close× Email

Expand the elements to view the case or download a printable version with the big orange button!

You are a junior doctor working in the gynaecology outpatients department. Jean Therapy is a lady who has presented to the clinic concerned about recent vaginal bleeding. She states she contacted the 111 telephone service, who told her to go to A&E as she had ‘active bleeding’. Luckily Jean has common sense and has come to clinic instead.

Please take a history from Jean and perform the appropriate examination. You will then be asked to discuss the case with the examiner.

You are a 60 year old lady called Jean Therapy, who is unfortunately experiencing some bleeding ‘down below’. You contacted the 111 telephone service, who told you to go to A&E as you had ‘active bleeding’. Luckily you has common sense and have come to clinic instead.

HPC: About three weeks ago, you noticed that there was some blood on the toilet paper when you wiped after going for a wee. Following this, you had some spotting of blood in your underwear, so you went to your GP. You have also noticed some brownish discharge since then. There is no pain in your abdomen and you have had no change in bowel or urinary habit. You think maybe you might be a little more bloated than usual but you just put this down to getting older. You have not noticed any bleeding after intercourse although you rarely have it nowadays!

You have had some weight loss but you have been on a diet recently so this was intentional.

PGH: You have never been pregnant, despite trying for many years and going through several rounds of IVF. The doctors said it was because your ovaries didn’t work properly. You really wanted children so have since adopted and although it wasn’t what you had originally planned or wanted, you wouldn’t change your children for the world.

You had your last period when you were 53 years old. At the time you suffered with hot flushes and mood swings but you never went on HRT and these have since settled. You started your periods age 12 and when you had them they could be quite irregular and were fairly heavy. You never used any contraception other than condoms, preferring to be “natural”. You are up to date on your smears and they have all been normal. You have never had any gynaecological infections and have no problems with prolapse or urinary continence.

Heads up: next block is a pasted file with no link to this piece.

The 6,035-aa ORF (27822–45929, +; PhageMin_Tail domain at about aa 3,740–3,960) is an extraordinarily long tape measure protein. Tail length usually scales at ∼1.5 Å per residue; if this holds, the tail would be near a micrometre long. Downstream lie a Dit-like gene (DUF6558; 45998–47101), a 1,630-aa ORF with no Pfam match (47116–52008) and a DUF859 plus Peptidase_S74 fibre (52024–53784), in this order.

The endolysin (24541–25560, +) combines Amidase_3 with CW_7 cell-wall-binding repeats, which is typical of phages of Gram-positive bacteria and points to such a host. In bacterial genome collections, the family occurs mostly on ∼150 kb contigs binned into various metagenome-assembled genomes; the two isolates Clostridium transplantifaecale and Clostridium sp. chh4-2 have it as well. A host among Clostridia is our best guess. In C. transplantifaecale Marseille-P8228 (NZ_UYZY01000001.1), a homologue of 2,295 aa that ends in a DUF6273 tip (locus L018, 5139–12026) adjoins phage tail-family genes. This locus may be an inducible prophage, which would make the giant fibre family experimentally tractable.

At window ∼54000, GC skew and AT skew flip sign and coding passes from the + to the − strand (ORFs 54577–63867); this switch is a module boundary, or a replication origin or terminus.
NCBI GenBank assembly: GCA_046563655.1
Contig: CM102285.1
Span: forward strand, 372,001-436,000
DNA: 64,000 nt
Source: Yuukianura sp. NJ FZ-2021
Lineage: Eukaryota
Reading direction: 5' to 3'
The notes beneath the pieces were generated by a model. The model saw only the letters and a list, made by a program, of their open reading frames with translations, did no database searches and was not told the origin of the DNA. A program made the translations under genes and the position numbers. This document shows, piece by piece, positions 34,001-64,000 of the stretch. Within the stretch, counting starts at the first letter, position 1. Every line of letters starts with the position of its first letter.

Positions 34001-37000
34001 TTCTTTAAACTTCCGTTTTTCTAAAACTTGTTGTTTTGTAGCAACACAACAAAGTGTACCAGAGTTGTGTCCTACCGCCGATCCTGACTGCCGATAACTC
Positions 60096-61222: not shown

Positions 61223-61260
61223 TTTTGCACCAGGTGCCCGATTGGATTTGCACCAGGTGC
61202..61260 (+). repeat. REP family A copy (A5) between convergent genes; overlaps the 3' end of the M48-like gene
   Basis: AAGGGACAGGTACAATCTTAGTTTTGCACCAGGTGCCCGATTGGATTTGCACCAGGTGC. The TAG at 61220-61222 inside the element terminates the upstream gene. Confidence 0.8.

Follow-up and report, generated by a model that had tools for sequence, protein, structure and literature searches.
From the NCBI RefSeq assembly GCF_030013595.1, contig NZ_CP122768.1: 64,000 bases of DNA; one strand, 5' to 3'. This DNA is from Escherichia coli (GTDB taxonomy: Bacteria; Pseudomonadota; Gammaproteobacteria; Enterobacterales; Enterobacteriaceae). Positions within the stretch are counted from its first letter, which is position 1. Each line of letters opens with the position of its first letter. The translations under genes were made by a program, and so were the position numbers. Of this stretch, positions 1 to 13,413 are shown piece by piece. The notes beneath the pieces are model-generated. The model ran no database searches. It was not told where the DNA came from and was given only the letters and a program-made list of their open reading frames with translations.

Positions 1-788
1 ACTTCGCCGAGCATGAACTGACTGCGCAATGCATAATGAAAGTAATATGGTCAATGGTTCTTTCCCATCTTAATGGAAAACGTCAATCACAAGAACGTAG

PMH: High blood pressure and type 2 diabetes – you know this is because you are overweight and you are currently dieting to try and lose weight and manage your blood sugars.

DH: Amlodipine for high blood pressure. No drug allergies.

FH: Your father died of colon cancer when he was 50 years old. You can’t think of any other relevant family history.

SH: You have never smoked and rarely drink alcohol nowadays. You have recently retired and before this you worked in a secondary school kitchen. You live with your husband who is also retired: he has two sons that live nearby and visit often. You try to keep fairly active and eat healthily to help control your blood pressure and diabetes although you have occasional times where you give in and get a takeaway. You enjoy Aquafit classes at your local pool and try to walk the dog most days.

ICE: You’re not sure what is going on, you have always had gynaecological problems with your infertility and irregular periods but you don’t really know what could be causing this. You’re worried that it might be something serious. You would like to know what has caused the bleeding.

Observe the student take a history from this patient and ask them to present their findings and differential diagnosis, which should include endometrial cancer.

Points for discussion: • What are the risk factors for endometrial cancer? • How would you like to investigate this patient? • What management options would be available if a diagnosis of endometrial cancer is confirmed? • How do we stage endometrial cancer? • What is Lynch syndrome? What causes it and what cancers is it associated with? • What is Cowden syndrome? What causes it and what cancers is it associated with? • When might we consider testing for an inherited cancer syndrome? • What are some of the common causes of female infertility and what options are available for treatment?